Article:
A 'Synth' is usually a keyboard, while it could be just a unit that a keyboard controls. These days, most of the sounds you hear in popular music that aren't bass, drums or guitar are done by keyboards (synthesizers). That piano or orchestral sound you hear on a recording is most likely a 'synthetic' sound created by a keyboard.

    The 'bassline' is the actual part that the bass player is playing...most any part that the bass is doing is a 'bassline. Sometimes other instruments do this too...keyboards, or if you were an all brass band, maybe a tuba.

    Basses, guitars and amps CAN be delicate, but the vibrations of a car won't hurt them for the most part. Most people around here have cases which help protect their gear. You'd be surprised how much abuse an electric guitar or bass can take. Have you ever seen Hendrix or Townshend break a guitar on stage? It can take quite some work.

    At the very least, you'll need a bass and an amp. A metronome is a great idea too. I'd suggest that the BEST accessory a new player could have is lessons.

    Hope this helps!

  12. Serac


    May 29, 2005
    tone? pitch? man I'm a failure. XD What are they?

    Well, I know you need a case for your guitar, but do you need a case for your amp?

    and is pickstyle in any way better than fingerstyle? It seems fingerstyle is more proffessional...

    oh, and about a bass... Is it true you can make the pitch (don't know if that's the right word, or the difference) higher and lower by tightening/loosening the strings, and by pushing a button on the amp back and forth? But are there more ways?
  13. BurningSkies

    BurningSkies CRAZY BALDHEAD Supporting Member

    Feb 20, 2005
    Syracuse NY
    Endorsing artist: Dingwall Guitars
    Well, these can be difficult terms at first. Think of pitch as the actual notes that you hear. Some are higher, some are lower. All instruments have a range of pitches to choose from, otherwise you'd only have one note, right?

    Tone on the otherhand describes the quality of that note. When you listen to a radio or stereo, you can adjust the TONE buy using either your tone knob or bass/treble knobs. You're not changing the actual notes played, but their character. With more bass, you make things BOOOMY. With more treble, you make things bright. Most basses have a knob or 5 that can control the type of tone that bass has. Amplifiers also have controls for tone.

    Not always. If you're careful, then no. I have a guitarist who doesn't own any cases for his amp. I do have a somewhat delicate amp and chose to have a case for it.

    Jeeeze, man...don't say that too loudly around here. Pick or fingers...it's all personal choice. They sound different and have different 'feels'. Do whatever feels good to you. There are professionals out there who have never played with their fingers and vice-versa.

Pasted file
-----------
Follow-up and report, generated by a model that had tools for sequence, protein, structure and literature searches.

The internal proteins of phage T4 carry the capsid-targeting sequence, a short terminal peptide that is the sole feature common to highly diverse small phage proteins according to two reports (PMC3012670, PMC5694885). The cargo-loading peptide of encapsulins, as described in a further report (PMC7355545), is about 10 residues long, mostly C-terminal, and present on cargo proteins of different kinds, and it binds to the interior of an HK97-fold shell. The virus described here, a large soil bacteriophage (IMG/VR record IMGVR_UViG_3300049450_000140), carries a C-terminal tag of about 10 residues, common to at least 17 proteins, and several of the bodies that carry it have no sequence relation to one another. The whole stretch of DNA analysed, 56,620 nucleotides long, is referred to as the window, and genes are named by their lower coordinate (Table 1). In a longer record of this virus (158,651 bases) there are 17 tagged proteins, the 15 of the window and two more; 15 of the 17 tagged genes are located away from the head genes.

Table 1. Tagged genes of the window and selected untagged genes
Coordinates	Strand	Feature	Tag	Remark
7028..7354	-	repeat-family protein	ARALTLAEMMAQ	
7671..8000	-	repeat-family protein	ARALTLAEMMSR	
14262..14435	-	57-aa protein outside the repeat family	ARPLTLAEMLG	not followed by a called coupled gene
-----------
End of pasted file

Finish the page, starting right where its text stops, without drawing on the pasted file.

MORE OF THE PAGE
Once again, you're talking about different things. Tightening or loosening the strings effects the pitch. Looser strings=lower pitch (that's an oversimplification, but will do for now) The amp is only ever going to adjust your tone/volume.
  14. Sound Chaser

    Sound Chaser

    Mar 19, 2005
    Lockport, NY
    My recommendation to you is to go buy a used Fender Jazz Bass, a cheap practice amp, and then get lessons.

    Also, check this guy out: http://www.billysheehan.com
  15. Serac


    May 29, 2005
    Okay, but do Amps ever suffer from excess heat or anything like that? I know regular bass guitars expand/contract with heat/humidity, but does that at all affect amps? And what’s the chance of an amp blowing up? :ninja:

    SNA has a bassline, but the White Stripes have no bass player (speaking of which can you explain all the jokes about their bass, I never really got it. ;P) so how can there be a bassline? Or can a bassline be played by an electric guitar? Is it played with an electric bass? x_x Does jack white use an electric bass for SNA?

    Also, can a bass play any synth sounds?

    So my plan is that I’m gonna start out with a cheap fender bass, get experience, and hopefully upgrade that fender, eventually, to a pedulla rapture. Good choice?

    Also, I asked someone else and they said that to not start out with an electric bass, instead start with an acoustic/electric guitar, as you get knowledge of the frets that you wouldn’t know about bass, so you’re a better player? Plausible?
  16. BurningSkies

    BurningSkies CRAZY BALDHEAD Supporting Member

    Feb 20, 2005
    Syracuse NY